computers that have CD-ROM drives and access to Internet, appropriate software, dance-related CD-ROMs, printers, video cameras, color monitors, and stereo VCRs.
6. Every school provides access to stage space;
appropriate and adequate dressing room and shower facilities for boys and girls; and secured storage space for all equipment, costumes, props, and scenery.
7. An annual budget provides for performance/production costs (costuming, music, props, scenery, etc.) and for the purchase of supplies, equipment and materials needed for teaching dance (records, CDs, audio- and videotapes, dance reference books, periodicals, and computer materials).
1. Every school with a dance program provides a dance classroom appropriate for the size of the classes being offered. Dance classes require a clear, clean space with good ventilation, convenient electrical outlets, and an even, smooth resilient floor with the dimensions of at least 30ı x 40ı. Ideally, the classroom contains a sprung wooden floor for safe dance work, mirrors, and bars mounted on the walls, a bulletin board, and chalkboard space. The room provides good lighting and supports comfortable temperatures throughout the academic year.
Linwood A+ School won the Creative Ticket Award from the Kennedy Center in Washington D.C.. On March 10, 21 students performed an original opera, "Tales of Immigration" and a dance, "Justice Starts in Your Heart," on the Millennium Stage of the Kennedy Center. The performance is now part of the archives and can be seen on the Kennedy Center website: Kennedy-Center.org. Click on "Millennium Stage." The necessary plug-ins are available for free. It was a very exciting trip. We rarely have time to work on a project with much depth in a public school setting, but for this project, the students not only could get into the material, they had time for reflection. That alone would have made the project worthwhile. Add to that the thrilling opportunity to perform at the Kennedy Center, and we really had a once in a lifetime experience. Kathy Mohn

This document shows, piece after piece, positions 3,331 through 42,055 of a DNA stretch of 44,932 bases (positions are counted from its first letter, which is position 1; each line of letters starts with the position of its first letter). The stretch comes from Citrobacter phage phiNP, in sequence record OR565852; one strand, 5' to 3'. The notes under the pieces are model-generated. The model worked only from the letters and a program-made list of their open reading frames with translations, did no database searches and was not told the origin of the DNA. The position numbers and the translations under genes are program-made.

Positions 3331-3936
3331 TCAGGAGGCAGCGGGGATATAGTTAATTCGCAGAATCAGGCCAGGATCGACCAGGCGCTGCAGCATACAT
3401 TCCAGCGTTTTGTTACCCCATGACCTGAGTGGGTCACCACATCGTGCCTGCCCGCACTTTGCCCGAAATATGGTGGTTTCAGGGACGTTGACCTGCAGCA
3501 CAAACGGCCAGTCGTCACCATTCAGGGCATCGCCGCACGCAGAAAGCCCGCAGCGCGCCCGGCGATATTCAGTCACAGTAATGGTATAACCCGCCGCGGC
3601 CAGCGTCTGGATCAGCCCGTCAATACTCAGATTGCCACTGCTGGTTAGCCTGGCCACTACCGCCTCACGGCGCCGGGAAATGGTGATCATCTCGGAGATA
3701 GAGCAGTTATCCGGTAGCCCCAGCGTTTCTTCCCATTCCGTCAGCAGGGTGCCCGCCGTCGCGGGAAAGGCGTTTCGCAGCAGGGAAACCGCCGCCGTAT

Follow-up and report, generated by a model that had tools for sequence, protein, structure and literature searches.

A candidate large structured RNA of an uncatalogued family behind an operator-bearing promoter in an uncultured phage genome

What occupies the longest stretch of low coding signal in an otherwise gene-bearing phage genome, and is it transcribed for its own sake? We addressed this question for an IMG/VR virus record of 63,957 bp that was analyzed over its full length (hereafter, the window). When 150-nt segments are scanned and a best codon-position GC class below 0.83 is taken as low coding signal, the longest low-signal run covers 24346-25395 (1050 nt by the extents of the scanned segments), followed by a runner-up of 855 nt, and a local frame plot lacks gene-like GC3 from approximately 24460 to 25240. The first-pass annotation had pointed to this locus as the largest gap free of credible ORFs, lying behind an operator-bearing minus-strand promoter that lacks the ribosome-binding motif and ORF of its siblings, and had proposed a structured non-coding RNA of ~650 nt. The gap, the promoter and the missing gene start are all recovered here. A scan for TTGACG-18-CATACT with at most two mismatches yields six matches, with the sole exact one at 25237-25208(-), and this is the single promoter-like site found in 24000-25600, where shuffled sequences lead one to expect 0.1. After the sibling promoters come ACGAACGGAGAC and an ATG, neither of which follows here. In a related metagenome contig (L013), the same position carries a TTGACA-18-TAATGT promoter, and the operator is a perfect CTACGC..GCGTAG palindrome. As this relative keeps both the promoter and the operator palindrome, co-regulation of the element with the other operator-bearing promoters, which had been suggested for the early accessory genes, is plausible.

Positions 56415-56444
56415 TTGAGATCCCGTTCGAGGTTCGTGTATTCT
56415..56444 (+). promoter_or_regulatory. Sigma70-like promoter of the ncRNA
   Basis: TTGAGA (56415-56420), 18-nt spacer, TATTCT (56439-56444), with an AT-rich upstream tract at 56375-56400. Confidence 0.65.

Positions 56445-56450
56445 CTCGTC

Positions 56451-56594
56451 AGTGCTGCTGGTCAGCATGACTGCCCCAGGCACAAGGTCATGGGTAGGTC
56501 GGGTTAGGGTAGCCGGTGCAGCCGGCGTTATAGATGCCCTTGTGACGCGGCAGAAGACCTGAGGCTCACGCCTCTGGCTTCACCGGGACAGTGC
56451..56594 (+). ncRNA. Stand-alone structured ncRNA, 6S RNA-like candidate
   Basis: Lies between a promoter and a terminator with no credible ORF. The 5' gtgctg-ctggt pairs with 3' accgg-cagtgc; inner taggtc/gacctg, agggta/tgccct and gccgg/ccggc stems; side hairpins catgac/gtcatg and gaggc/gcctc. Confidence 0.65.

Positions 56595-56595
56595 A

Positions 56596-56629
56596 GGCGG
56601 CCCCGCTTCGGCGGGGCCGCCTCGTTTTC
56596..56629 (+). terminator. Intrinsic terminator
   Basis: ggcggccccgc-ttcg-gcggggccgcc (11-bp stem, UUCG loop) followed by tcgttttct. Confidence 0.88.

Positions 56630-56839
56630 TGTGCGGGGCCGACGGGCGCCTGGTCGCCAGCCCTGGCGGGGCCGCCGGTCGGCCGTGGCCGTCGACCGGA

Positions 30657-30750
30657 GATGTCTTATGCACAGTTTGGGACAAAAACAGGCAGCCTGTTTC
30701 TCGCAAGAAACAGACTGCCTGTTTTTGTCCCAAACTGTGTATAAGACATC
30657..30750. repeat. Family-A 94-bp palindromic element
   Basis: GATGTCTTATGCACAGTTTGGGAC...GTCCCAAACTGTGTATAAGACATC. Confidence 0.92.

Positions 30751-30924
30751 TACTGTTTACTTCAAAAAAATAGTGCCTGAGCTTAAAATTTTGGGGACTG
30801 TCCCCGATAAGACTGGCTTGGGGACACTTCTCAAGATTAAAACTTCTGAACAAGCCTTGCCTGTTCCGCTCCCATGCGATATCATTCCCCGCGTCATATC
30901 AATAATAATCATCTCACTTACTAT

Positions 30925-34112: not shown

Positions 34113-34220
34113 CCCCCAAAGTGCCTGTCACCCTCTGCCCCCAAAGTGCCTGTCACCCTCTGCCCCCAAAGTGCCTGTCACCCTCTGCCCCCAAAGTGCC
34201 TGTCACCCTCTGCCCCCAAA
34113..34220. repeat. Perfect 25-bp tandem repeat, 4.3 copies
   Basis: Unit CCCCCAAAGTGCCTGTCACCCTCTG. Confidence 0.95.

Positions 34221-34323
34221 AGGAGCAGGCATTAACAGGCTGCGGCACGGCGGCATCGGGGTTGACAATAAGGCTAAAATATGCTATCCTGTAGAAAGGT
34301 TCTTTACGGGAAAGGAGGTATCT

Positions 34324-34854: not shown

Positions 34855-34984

Wendy Ansley recently had surgery on a herniated disk at C5C6. She immediately regained the use of her right arm, performing Bharata Natyam mudras in the recovery room. The prognosis for a return of full functioning looks very good. During her four week recovery period, her position at Ramsey Fine Arts School is being covered by a teacher from the On Your Toes Studio.
Emmy Thompson is back in Salt Lake City teaching K-12 at Waterford Institute, a private charter school. In teaching the littlest dancers, she is embracing an area that she had previously felt unequipped for, and discovering untapped resources and great joy.
Janet Skidmoreıs improvisation company, Just Add Water, did a Valentines show at the Lakeville Area Arts Center. Janet hosts "Add Water & Stir" for improvisers in all genres, at Patrickıs Cabaret each month. See the Patrickıs website, www.patrickscabaret.org for more information.
Roberta Puzon shares that Sheridan Global Arts & Communicationıs K-8 Dance Program has grown immensely. The Festival of Arts on February 27 was a huge success with lots of performances in the fields of Dance, Music, Art Making and a ton of other great stuff. Her family is also growing very fast: Elbert and Robertaıs daughters Gabriela and Adriana are 3 years and 7 months old! Time flies by...